This study is applying science-based adaptive management at watershed and operational scales (forest management units of about 30 acres or larger), rather than smaller research scales.  This larger scale is needed so that economic, social, and environmental factors and responses can be extrapolated across the OESF and beyond, and to increase the potential for innovations to be adopted by managers.  The watershed scale of the study accounts for landscape complexity—each watershed was chosen to include key landscape elements such as stands where harvesting is economically feasible and areas left un-entered (85% in first decade), including less-accessible, younger, older, riparian forest or with unstable ground. The proportion of the watershed designated for initial harvest during the next decade is based on the current sustainable harvest calculation for the OESF.  The experimental watersheds are large enough to contain fish populations in lower reaches where whole-system responses can be directly monitored (for example fish, fish foodchains, sediment, and water chemistry).  

Three management strategies and a “no-management control” will be compared across the 16 experimental watersheds. The strategies were designed to facilitate a broad enough range of innovations along with current and control standards.   Ten upland and riparian prescriptions will be applied (note that Current VDT will not be applied because of both limited space and presence of areas in the watersheds were recently treated this way).  The design of prescriptions is being led by groups of principal investigators (researchers and managers) and will undergo scientific peer review.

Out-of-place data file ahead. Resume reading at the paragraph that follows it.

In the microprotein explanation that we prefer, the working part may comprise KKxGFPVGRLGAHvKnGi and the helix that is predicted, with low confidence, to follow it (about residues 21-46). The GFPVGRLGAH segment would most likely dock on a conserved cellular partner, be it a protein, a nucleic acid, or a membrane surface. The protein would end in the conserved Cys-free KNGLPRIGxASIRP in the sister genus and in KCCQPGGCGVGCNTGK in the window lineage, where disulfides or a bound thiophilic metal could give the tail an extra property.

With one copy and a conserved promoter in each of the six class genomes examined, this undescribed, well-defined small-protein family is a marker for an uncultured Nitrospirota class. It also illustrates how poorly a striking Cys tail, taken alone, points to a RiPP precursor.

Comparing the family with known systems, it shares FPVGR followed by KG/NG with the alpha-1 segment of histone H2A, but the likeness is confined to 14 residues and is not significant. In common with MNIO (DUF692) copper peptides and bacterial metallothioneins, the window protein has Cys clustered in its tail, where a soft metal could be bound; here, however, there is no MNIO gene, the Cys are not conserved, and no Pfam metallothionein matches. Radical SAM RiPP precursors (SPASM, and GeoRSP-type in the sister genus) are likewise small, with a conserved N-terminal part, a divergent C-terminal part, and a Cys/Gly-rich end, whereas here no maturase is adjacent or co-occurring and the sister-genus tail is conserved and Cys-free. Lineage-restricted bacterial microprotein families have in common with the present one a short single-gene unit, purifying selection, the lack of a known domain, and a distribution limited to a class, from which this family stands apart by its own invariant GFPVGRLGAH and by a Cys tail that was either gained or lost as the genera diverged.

This study began in 2016 and is planned to continue for at least a decade with the treatments being implemented through WADNR timber harvest program

  • 2016: early planning and conversations with managers and stakeholders
  • 2017: collaboration among scientists across institutions
  • 2018: designation of experimental watersheds by WADNR
  • 2019: Washington State Legislature committed funding
  • 2020-2021: pre-harvest monitoring
  • 2021-2023: Planned timber harvest 
  • 2022-2028:  Post-harvest monitoring

How to participate